Down in the old Kingston Township area, there is convict and early European settlement history everywhere. Tourists can spend days just wandering around taking in the old ruins and stories around the old gaol, the crank mill, hospital, lumber yard, soldiers’ barracks, government offices, the old Georgian-style residences, water mills, the salt house, churches, maritime buildings, museums and more. Built by convicts, some buildings have been restored while others lie in ruins, but each has its own story to tell.
Many of the accommodation options supply a vehicle as part of the tariff (if not, cars are relatively cheap to hire anyway), so getting around on the 70km or so of mostly sealed roads is not a problem. Before you travel too far, though, there are a few things you need to know…
FREE RANGE LOCALS
Firstly, cows, as well as ducks and geese, wander freely almost everywhere and under local road rules, they have right of way. There is a maximum speed limit of 50km/h and the wearing of seat belts is not compulsory.
Pleasingly, no one uses their car’s horn and there are no traffic lights. There’s only one roundabout and drivers (and some passengers) observe the novel local custom of waving to every oncoming vehicle. It can all seem quite strange at first, but it doesn’t take long to get into the swing of life on the road, Norfolk-style.
Once out and about, visitors quickly find that across central regions of the island there are scenic hillsides and valleys, rain forests, thousands of majestic Norfolk pines, many farms and crops and quite a number of lovely island gardens. Approximately a third of the island has been set aside as National Park and reserves, and these abound in delightful walk and drive trails. Another bonus is that there are no snakes or poisonous spiders to worry about.
It is, however, around the island’s coastline that the dramatic beauty of the place is most noticeable. There are countless picturesque bays, beaches and headlands, sheer 100m-plus cliffs and a variety of coastal walking trails, which take in magnificent views from cliff-top lookouts, including the many small islets and rocky outcrops lying close to the main island shores.
Options are also available for scenic flights around and over the island and even out to sea to take in Norfolk’s smaller island neighbours – Nepean Island is just a kilometre offshore and Phillip Island is 7km away. The latter has majestic cliffs towering up to 300m straight out of the ocean. There is also the option of a boat trip out to Phillip Island to spend a day exploring on foot.
Apart from enjoying the spectacular local scenery, there are a wide variety of shows, progressive dinner tours around local island homes, breakfast walks and barbeques, cultural exhibitions, Bounty mutiny re-enactments, sunset fish fry dinners, garden tours, and a number of live theatre plays in various historic locations, all re-enacting parts of Norfolk’s colourful history. There is also a spooky ghost tour – the eerie lantern walk through the old cemetery is not for the faint-hearted. Participants will learn that Norfolk Island probably has more ghosts per square kilometre than anywhere else on earth.
In addition, there are deep sea fishing tours, glass-bottom boat coral viewing trips in the lovely Emily and Slaughter Bays, as well as swimming, scuba diving, snorkelling, surfing, windsurfing, sea kayaking and sailing. There is also a lovely scenic nine-hole golf course, a free mini-golf course, and certainly worth checking out is the Cyclorama, a wonderful 360-degree, walk-around panoramic painting depicting the story of Fletcher Christian’s mutiny on the Bounty.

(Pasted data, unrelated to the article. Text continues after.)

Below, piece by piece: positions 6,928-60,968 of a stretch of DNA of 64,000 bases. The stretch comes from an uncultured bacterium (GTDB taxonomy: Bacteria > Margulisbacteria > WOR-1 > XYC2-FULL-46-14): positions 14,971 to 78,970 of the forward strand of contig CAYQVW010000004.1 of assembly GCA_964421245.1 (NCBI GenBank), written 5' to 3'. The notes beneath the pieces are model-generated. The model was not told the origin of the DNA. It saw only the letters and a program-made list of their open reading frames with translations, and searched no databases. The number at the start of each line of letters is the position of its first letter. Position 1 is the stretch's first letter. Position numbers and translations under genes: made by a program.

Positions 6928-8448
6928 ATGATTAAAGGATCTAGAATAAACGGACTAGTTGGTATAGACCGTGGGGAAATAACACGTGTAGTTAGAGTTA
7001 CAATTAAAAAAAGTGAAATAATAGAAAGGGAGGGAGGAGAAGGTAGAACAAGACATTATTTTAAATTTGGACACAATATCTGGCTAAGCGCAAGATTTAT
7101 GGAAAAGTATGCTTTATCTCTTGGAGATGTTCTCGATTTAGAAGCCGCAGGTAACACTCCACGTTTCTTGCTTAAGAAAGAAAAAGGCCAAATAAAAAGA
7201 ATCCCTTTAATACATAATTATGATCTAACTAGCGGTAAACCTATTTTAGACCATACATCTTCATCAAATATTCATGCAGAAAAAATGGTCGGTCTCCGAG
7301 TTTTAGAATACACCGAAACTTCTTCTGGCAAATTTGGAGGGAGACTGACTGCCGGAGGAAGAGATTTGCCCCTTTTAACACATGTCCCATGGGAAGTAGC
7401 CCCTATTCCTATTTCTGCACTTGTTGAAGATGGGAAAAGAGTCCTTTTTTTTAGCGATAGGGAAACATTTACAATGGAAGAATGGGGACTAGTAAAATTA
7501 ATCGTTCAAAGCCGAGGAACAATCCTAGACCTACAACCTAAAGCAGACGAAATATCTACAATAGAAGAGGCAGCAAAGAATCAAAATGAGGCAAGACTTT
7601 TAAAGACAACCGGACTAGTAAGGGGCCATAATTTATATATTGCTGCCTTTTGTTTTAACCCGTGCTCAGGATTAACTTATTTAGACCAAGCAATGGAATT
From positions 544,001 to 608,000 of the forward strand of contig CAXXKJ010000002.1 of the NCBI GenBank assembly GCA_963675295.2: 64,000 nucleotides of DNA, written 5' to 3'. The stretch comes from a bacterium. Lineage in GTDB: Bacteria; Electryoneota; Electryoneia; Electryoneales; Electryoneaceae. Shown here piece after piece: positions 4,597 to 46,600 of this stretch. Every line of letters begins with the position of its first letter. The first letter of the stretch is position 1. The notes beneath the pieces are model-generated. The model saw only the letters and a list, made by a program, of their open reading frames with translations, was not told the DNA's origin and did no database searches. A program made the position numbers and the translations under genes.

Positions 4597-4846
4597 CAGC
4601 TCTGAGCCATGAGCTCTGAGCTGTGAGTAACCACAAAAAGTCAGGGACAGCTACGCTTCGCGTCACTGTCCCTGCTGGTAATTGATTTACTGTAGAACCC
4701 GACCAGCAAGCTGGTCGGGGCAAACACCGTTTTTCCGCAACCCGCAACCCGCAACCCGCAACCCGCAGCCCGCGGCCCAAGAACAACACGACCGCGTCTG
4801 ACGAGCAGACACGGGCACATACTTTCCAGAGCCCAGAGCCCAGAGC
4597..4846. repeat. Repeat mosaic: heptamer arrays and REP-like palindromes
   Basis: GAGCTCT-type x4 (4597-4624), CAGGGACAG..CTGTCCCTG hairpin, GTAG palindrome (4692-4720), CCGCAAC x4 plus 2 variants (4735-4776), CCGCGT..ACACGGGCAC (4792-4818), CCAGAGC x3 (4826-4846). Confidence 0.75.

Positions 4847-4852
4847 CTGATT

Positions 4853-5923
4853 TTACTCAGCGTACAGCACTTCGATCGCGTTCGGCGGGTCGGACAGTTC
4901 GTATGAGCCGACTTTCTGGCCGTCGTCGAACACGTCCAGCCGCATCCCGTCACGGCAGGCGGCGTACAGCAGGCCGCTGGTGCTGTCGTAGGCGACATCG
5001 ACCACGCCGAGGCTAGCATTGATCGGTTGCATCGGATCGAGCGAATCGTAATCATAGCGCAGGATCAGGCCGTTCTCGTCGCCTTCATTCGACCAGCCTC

With all this activity, a feed is definitely in order. Some accommodation options include all meals, whilst others have self-contained kitchen facilities. A couple of small local supermarkets will be able to supply most self-catering needs. Elsewhere there are bakeries, a pizza shop, several cafés and coffee shops, plenty of restaurants (some specialising in local and Tahitian dishes) as well as an RSL and a Leagues Club, both of which provide lunch and dinner meals.
Visitors should also try out ‘Bligh’s Revenge’ ale at the local brewery as well as free cellar door tastings at Norfolk Island Liqueurs and at the local winery.
Also, because Norfolk Island is outside Australia’s Customs boundaries, there is plenty of duty-free shopping. Shopaholics, in fact, have a ball on Norfolk, with many tax-free stores from which to choose.
A small dot in the south Pacific it may be, but Norfolk Island has so much to offer it keeps many visitors heading back to its shores time and time again. Whether you’re attracted to its friendly, relaxed lifestyle, its history or its natural beauty, Norfolk Island has put its bloody past well behind it and is most definitely a paradise once more.
KNOW BEFORE YOU GO
Norfolk Air flies to the island from Sydney, Melbourne, Brisbane and Newcastle. Web: www.norfolkair.com.
Most credit cards are accepted on the island. Australian currency is used and several banks and ATMs are available.
There is no public transport on the island. Taxis are available, but hire cars are the usual form of transport for most visitors. There are also no camping facilities on the island.
Norfolk Island (a territory of Australia) has its own postage stamps and postal service, customs and immigration laws – even its own Commonwealth Games team.
Internet access is available at several locations in the town centre.
For more information, contact Norfolk Island Tourism, tel 1800 214 603, web: www.theworldofnorfolk.com.au.